Being a Lady Behind the Lens
As I’ve integrated filmmaking into my career in acting, the conversation about sexism in Hollywood has taken on a whole new meaning to me. I’ve had to find out what it means to be a female filmmaker.
I am still quite new to the world of filmmaking; it’s been three years since I made my first short film. As a developing director, I look to the current landscape of the business. Here’s what I get to see:
- Approximately 50% of film program graduates are women. Yet…
- Approximately 5% of studio films are directed by women.
- In the 87 years of the Academy Awards, only once has a woman won for direction and only four times has a woman been nominated.
- Women account for 30% of speaking characters, only 12% of protagonists.
I have a choice. I can either look at those dismal stats and get really discouraged. Or I can just keep making my movies.
I’ll take option two.
I have the ability to speak from a perspective that often gets overlooked.
Since I’ve started filmmaking, I’ve felt a new sense of purpose and responsibility. I’m not just showing up for one aspect of the story anymore. As an actress I just get to play my part. I audition, I prepare, I show up to set, I give my all…and then I’m wrapped. It’s a very important (and wonderfully fun!) part of making a film. But it’s only a slice of the process. As a filmmaker, I’m not only showing up for one part of the story anymore, I’m choosing the stories to tell. It’s small-scale for now, but it’s empowering.
I have so many kinds of stories I want to tell. I love noir stories with crooked protagonists. I love period pieces that offer a fresher and deeper perspective into the past. I love action movies, especially ones with good fight choreography. I love stories about women! I love stories about strong, complicated, important, flawed, real women. Women who fight and believe and love and change things.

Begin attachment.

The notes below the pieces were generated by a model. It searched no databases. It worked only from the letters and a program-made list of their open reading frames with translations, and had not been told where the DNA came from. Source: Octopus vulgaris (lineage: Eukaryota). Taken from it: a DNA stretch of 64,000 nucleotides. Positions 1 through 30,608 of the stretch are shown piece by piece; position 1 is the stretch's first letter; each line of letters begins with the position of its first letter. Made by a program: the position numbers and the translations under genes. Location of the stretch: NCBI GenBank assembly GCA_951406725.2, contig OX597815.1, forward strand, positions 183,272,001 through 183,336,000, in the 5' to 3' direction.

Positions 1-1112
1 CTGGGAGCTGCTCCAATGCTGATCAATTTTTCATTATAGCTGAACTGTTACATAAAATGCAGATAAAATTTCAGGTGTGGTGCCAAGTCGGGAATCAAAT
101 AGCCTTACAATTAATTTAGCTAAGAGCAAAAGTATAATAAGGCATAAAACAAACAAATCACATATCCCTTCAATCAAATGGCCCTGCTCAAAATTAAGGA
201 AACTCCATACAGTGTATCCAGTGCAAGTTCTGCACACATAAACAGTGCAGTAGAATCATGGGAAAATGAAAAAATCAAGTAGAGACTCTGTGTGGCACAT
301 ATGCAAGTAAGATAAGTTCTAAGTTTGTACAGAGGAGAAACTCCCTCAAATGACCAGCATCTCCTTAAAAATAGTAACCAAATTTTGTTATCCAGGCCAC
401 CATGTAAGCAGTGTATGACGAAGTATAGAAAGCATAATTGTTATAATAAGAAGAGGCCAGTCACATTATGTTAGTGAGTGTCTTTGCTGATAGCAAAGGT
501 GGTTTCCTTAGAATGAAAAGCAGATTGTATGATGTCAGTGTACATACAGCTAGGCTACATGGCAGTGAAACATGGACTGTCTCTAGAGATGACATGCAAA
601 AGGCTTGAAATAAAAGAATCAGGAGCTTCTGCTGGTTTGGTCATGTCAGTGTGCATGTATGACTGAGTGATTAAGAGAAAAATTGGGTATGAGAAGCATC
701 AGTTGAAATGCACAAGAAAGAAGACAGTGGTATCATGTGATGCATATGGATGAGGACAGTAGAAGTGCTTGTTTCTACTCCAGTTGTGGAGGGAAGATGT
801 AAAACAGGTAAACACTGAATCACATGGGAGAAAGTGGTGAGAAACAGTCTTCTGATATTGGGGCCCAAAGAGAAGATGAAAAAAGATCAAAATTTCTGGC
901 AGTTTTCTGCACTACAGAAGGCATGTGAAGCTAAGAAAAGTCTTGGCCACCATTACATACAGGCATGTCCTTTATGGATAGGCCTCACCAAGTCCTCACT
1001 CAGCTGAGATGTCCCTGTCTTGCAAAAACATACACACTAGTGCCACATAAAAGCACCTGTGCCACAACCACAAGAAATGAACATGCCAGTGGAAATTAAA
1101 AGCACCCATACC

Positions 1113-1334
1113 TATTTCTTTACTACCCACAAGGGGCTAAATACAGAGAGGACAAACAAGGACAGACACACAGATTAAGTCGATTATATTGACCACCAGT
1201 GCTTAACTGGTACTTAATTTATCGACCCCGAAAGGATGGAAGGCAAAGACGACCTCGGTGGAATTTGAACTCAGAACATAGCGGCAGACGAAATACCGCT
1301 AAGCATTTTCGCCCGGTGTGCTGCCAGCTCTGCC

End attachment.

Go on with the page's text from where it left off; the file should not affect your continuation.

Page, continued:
So what does it mean to me to be a female filmmaker? It means I have the ability to speak from a perspective that often gets overlooked. I hope one day to be the the kind of filmmaker that young women (and men!) can look up to. I want to help bring up those sad statistics.
I’m grateful to have a line up of films that I’m working on and promoting. My collaborators and I appreciate all interest and support.
Currently in the festival circuit: Still Life. Follow our progress here.
Filming early January: Take Care, Brother. Project details here.
I’m thrilled to have been attached to direct the upcoming short film Elusive—a story about a young woman struggling to find her voice and her mission. I greatly look forward to working on this story, and letting it move me to strengthen my own voice and mission. Written by and starring Ren Harris and produced by Caitlin Gold, I could not be happier to be in the company of these bright and talented women.
Elusive is currently raising funds for production. Please support the project!
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